South Korea Eyes Pyongyang After Possible Cyberattack | WAMU 88.5 - American University Radio

NPR : News

South Korea Eyes Pyongyang After Possible Cyberattack

Computer networks at South Korea's three main broadcasters and major banks crashed simultaneously Wednesday, leading to speculation that it was caused by a North Korean cyberattack.

According to South Korea's Yonhap news agency:

"At least three broadcasters — KBS, MBC and YTN — and two banks — Shinhan Bank and Nonghyup — reported to the National Police Agency (NPA) that their computer networks were entirely halted around 2 p.m. for unknown reasons, police said."

Yonhap says the government is "looking into the possibility of North Korea's involvement."

The BBC quotes an unnamed official close to the investigation of the computer crash as saying "malicious" code was to blame.

Pyongyang is believed to have been behind two major cyberattacks on South Korea, in 2009 and 2011.

The Associated Press says:

"The latest network paralysis took place just days after North Korea accused South Korea and the U.S. of staging a cyberattack that shut down its websites for two days last week. Loxley Pacific, the Thailand-based Internet service provider, confirmed the North Korean outage but did not say what caused it.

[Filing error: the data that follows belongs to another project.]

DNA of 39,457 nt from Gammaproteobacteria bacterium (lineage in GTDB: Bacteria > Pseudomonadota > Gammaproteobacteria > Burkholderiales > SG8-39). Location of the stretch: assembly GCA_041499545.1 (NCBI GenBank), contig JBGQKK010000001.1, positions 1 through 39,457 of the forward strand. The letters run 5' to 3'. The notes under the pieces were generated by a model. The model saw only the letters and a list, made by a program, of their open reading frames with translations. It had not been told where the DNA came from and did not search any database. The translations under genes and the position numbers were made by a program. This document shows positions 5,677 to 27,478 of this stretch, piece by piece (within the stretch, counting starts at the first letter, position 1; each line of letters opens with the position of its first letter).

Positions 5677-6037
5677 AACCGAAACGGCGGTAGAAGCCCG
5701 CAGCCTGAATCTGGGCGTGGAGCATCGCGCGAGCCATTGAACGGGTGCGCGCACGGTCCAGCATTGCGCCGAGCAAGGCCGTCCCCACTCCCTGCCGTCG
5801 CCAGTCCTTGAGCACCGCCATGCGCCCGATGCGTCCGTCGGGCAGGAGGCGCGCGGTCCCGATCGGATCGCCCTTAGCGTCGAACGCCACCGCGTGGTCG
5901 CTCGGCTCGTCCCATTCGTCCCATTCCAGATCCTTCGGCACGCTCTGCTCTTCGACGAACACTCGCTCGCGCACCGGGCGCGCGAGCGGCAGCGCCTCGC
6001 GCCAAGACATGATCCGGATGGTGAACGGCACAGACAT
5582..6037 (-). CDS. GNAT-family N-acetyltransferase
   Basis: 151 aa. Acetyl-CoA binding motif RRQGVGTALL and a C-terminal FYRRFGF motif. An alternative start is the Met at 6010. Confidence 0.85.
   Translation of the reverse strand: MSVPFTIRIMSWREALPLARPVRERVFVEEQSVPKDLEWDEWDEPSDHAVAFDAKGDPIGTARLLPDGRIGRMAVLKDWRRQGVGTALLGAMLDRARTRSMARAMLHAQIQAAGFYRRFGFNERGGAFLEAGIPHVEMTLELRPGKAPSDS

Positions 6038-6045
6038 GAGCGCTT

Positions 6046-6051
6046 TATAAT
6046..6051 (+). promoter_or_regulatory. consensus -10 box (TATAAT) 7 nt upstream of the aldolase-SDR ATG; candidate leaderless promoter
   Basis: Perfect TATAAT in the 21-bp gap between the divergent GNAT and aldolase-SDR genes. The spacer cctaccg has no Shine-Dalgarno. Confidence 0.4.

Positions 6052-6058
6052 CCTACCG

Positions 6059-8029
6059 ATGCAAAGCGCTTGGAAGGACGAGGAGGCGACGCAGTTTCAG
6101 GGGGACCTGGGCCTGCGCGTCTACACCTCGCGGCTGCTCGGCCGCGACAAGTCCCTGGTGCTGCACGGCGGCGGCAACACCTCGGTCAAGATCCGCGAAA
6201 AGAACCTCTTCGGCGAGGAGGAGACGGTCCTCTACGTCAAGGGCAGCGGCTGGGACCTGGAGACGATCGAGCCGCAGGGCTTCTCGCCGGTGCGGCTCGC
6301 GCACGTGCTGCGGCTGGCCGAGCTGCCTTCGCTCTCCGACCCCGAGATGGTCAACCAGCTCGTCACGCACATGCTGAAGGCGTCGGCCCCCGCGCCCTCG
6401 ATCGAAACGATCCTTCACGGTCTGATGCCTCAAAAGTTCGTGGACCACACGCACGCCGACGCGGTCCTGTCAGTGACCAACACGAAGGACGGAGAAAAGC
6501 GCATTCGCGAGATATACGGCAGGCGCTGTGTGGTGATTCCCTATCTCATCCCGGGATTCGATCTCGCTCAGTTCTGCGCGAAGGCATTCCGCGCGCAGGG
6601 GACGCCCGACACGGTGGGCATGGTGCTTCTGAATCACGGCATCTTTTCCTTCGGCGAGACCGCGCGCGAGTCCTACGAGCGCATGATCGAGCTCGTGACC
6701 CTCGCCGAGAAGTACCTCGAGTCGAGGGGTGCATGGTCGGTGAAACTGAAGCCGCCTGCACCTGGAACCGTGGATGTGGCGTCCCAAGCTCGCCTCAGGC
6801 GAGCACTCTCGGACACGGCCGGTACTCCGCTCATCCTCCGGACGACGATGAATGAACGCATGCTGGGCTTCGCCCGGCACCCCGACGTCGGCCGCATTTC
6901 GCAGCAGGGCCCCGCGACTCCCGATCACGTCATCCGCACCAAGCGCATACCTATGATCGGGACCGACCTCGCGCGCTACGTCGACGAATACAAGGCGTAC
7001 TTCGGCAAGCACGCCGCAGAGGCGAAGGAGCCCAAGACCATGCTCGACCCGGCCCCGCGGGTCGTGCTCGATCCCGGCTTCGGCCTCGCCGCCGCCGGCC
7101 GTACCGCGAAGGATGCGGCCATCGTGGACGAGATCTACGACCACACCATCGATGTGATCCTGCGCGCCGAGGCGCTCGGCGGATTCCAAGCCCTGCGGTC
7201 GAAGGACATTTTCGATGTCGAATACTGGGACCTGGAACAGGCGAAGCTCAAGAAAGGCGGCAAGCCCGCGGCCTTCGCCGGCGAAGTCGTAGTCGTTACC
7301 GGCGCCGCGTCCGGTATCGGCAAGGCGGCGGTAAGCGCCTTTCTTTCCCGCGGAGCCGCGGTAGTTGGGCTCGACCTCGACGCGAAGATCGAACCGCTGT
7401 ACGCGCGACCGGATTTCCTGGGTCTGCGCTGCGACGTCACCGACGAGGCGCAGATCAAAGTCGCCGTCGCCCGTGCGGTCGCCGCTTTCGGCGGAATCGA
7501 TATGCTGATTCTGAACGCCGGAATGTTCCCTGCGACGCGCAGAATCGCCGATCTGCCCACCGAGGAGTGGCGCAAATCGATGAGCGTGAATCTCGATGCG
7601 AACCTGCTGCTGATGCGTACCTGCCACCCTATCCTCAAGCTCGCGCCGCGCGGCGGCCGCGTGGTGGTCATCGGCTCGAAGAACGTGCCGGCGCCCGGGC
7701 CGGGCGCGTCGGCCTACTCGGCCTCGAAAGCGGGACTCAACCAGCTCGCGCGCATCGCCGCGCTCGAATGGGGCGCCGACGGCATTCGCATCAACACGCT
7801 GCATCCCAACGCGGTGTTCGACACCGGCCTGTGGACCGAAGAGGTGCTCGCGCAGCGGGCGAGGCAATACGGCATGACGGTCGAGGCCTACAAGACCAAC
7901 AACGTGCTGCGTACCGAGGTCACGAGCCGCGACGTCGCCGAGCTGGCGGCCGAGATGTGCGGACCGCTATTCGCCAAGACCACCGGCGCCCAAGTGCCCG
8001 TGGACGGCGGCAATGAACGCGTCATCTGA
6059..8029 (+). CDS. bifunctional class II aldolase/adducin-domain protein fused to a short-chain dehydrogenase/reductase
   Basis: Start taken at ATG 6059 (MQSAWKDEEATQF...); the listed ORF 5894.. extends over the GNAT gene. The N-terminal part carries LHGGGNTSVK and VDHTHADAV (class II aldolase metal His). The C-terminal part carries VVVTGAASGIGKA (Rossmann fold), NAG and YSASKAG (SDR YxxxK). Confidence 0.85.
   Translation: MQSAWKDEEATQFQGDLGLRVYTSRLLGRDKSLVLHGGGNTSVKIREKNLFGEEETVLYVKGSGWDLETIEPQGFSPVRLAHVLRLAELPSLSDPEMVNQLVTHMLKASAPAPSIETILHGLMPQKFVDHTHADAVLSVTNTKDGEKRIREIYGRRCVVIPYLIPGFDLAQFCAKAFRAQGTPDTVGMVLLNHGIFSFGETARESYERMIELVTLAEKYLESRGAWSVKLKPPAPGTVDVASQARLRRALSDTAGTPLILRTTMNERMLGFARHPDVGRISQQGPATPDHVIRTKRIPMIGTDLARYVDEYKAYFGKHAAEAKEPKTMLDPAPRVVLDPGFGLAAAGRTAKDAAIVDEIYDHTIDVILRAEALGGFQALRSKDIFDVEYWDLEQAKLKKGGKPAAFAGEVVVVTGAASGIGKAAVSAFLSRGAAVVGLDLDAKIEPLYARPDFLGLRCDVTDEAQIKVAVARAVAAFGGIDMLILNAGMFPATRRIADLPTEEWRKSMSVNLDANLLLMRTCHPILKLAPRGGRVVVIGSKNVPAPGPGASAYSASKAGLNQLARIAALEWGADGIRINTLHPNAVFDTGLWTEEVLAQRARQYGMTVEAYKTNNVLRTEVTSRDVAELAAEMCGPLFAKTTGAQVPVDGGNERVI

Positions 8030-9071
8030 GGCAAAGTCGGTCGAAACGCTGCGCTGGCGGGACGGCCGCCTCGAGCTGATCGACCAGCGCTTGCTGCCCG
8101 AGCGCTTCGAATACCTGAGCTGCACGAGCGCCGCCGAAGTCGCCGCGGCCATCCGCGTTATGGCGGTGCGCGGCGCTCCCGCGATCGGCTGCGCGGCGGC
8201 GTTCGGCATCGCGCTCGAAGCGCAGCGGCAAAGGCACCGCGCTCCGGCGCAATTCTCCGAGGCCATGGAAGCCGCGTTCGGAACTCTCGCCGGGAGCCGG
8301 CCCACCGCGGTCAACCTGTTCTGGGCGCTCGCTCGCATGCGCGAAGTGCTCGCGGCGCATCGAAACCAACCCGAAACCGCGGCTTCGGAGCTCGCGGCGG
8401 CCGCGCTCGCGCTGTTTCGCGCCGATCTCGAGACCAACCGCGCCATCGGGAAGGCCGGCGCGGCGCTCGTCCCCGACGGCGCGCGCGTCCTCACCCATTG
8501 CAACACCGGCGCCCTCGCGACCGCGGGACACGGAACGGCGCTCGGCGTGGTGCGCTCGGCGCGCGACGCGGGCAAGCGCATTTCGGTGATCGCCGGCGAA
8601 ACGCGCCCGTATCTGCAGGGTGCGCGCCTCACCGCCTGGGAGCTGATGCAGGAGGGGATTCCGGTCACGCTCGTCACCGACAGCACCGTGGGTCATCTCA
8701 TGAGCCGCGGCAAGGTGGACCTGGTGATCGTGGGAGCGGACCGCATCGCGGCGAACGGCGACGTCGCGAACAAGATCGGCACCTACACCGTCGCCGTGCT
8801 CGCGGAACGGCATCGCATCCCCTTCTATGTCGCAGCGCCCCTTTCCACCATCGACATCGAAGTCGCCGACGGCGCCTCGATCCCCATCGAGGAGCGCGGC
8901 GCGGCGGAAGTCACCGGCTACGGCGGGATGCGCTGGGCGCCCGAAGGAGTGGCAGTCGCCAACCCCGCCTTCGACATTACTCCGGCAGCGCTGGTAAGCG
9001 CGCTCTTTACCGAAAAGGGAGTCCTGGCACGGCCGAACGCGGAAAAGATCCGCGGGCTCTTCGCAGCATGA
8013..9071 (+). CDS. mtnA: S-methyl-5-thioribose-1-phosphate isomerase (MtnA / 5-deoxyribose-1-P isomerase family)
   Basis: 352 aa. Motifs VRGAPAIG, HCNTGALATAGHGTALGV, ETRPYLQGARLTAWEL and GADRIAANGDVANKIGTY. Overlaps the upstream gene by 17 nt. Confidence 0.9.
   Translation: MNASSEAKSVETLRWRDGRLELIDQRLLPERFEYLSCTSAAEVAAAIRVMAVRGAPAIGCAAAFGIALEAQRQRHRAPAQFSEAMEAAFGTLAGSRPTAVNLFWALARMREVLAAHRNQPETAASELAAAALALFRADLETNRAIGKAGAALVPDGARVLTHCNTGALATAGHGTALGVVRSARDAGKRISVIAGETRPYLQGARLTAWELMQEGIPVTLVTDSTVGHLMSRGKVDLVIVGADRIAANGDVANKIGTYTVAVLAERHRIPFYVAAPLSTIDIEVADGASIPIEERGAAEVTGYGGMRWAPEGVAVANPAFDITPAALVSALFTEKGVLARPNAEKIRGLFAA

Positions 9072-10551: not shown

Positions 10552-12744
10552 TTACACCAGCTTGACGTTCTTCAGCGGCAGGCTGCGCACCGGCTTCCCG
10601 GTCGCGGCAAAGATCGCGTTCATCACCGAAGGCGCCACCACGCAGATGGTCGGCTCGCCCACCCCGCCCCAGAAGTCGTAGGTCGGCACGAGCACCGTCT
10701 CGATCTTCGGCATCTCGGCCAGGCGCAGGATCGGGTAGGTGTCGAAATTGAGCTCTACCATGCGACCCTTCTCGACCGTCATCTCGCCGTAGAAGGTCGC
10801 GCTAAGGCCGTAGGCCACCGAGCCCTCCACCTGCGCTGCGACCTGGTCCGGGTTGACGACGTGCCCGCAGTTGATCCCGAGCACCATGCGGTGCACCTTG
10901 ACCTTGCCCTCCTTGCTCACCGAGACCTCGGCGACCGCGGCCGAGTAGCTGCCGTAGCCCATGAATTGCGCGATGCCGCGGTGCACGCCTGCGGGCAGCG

"The South Korean shutdown did not affect government agencies or potential targets such as power plants or transportation systems, and there were no immediate reports that bank customers' records were compromised, but the disruption froze part of the country's commerce."

The French news agency AFP, citing South Korean sources, says North Korea is believed to have a cyberwarfare unit staffed by "around 3,000 people handpicked for their computer literacy."

The Korean Internet Security Agency says it recorded 40,000 cases of cyberattacks from foreign and domestic sources in 2012.

Copyright 2013 NPR. To see more, visit http://www.npr.org/.

NPR

This Weekend, Experience The Enduring Power Of 'The Millstone'

Margaret Drabble's The Millstone, set in the 1960s, tells the story of a young, unmarried woman who finds herself pregnant. Author Tessa Hadley says this 50-year-old novel is a weekend must-read.
NPR

Italian Cheese Lovers Find Their Bovine Match Through Adopt A Cow

The cheeses of the Italian Alps are prized for their flavor. But the tradition of cheese-making here is dying off. Now remaining farmers are banding together around an unusual adoption program.
NPR

Is The Battle Won And Done For Those Who Fought For Net Neutrality?

In a 3-2 vote on Feb. 26, the FCC approved new rules, regulating broadband internet as a public utility. NPR's Arun Rath speaks with Mat Honan, San Francisco bureau chief for BuzzFeed News, about the political implications of the vote.
NPR

A Neuroscientist Weighs In: Why Do We Disagree On The Color Of The Dress?

Robert Siegel speaks with Dr. Bevil Conway, a neuroscientist at Wellesley College, about the dress that has the whole Internet asking: What color is it?

Leave a Comment

Help keep the conversation civil. Please refer to our Terms of Use and Code of Conduct before posting your comments.